The PEN/Robert Bingham Fellowship for Writers honors an exceptionally talented fiction writer whose debut work—a first novel or collection of short stories published in 2007—represents distinguished literary achievement and suggests great promise. The winner receives a cash award of $35,000, a stipend intended to permit a significant degree of leisure in which to pursue a second work of literary fiction. The fellowship was established in memory of Robert Bingham, who died in 1999 at the age of 33, to commemorate his support of young writers, his love of literature, and his contribution to literary fiction.

This year’s award goes to Dalia Sofer for her novel The Septembers of Shiraz (Ecco). Finalists are Joshua Ferris for Then We Come to the End (Little, Brown and Company) and Alex Mindt for The Male of the Species (Delphinium Books). The judges for this year’s fellowship were David Leavitt, Elizabeth Strout, and Lily Tuck.


The PEN/Jacqueline Bograd Weld Award for Biography is a biennial prize of $10,000 given to a distinguished biography possessing notable literary merit which has been published in the United States during the previous two calendar years. The award was established by Rodman L. Drake. The judges for the award were Amy Hempel, Robert Polito, and Roxana Robinson.

The inaugural award will be given to Janet Malcolm for Two Lives: Gertrude and Alice (Yale University Press). The finalists are Julie Kavanagh for Nureyev: The Life (Pantheon Books) and John Richardson for A Life of Picasso: The Triumphant Years, 1917-1932 (Knopf).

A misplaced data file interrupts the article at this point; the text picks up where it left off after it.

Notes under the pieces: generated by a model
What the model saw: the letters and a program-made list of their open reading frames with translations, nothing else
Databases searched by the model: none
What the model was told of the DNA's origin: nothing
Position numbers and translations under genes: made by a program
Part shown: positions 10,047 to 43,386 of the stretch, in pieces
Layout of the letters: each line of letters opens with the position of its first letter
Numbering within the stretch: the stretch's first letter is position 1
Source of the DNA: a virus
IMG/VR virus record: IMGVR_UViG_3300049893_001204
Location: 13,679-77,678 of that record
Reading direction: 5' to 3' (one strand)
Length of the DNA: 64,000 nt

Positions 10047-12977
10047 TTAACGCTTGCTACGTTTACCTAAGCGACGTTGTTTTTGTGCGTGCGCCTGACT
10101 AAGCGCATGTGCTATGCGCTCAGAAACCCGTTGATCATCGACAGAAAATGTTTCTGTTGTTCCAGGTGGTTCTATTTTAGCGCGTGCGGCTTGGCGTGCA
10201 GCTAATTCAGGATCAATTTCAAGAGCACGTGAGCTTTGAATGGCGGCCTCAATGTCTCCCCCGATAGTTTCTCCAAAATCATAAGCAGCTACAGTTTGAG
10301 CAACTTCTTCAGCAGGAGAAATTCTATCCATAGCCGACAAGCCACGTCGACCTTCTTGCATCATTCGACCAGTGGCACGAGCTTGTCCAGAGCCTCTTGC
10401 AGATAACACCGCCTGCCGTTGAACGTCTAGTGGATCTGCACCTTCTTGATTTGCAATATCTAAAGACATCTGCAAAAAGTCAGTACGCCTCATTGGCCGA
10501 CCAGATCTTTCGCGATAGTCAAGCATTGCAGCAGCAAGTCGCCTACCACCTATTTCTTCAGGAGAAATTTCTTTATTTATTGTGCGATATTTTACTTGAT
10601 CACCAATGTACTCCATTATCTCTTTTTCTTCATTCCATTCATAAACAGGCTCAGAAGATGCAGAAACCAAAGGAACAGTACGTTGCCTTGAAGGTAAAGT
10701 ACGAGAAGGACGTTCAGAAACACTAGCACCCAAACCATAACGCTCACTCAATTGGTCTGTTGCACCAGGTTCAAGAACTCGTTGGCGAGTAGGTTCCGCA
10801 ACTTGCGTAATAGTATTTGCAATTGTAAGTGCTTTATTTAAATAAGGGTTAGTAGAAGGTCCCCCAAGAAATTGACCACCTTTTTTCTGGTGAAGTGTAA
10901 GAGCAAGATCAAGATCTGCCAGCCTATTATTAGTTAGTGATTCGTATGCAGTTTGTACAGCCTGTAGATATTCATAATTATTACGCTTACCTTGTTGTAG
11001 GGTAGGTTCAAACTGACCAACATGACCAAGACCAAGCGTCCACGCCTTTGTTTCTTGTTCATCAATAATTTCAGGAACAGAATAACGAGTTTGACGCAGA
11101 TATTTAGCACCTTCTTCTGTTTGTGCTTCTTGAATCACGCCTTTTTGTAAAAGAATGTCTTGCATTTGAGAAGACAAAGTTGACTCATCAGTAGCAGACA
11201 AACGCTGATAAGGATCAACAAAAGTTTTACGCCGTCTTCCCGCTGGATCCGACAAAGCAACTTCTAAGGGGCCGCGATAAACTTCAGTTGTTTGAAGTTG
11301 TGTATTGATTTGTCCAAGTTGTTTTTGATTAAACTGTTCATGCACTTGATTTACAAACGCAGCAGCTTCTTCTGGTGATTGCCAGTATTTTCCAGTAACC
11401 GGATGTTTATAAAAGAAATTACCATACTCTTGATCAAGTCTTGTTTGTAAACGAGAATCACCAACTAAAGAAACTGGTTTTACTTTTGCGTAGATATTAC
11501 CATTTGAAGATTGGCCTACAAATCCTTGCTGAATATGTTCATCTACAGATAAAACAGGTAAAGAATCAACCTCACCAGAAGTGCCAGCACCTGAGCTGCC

The PEN/Beyond Margins Awards were created by PEN American Center’s Open Book Committee, a group committed to racial and ethnic diversity within the literary and publishing communities. The awards confer five $1,000 prizes upon African, Arab, Asian, Caribbean, Latino, and Native American authors who have not received wide media coverage. U.S. residency or citizenship is not required.

The judges for this year’s awards are Allison Hedge Coke, Karen Shepard, and Luis Alberto Urrea. Winners will be announced at the ceremony on May 19.


The PEN/Laura Pels Foundation Awards for Drama recognize a master American dramatist and an American playwright in mid-career, both of whose literary achievements are vividly apparent in the rich and striking language of their work. The former receives a rare first edition of dramatic literature, the latter a $7,500 stipend. The awards are made possible by a grant from the Laura Pels Foundation and were developed to reflect Laura Pels’ dedication to supporting excellence in American theater, as well as PEN’s commitment to recognizing and rewarding the literary accomplishments of playwrights. The award is made possible by a contribution from Bauman Rare Books. The judges for this year’s awards were A.R. Gurney, Naomi Iizuka, and Doug Wright.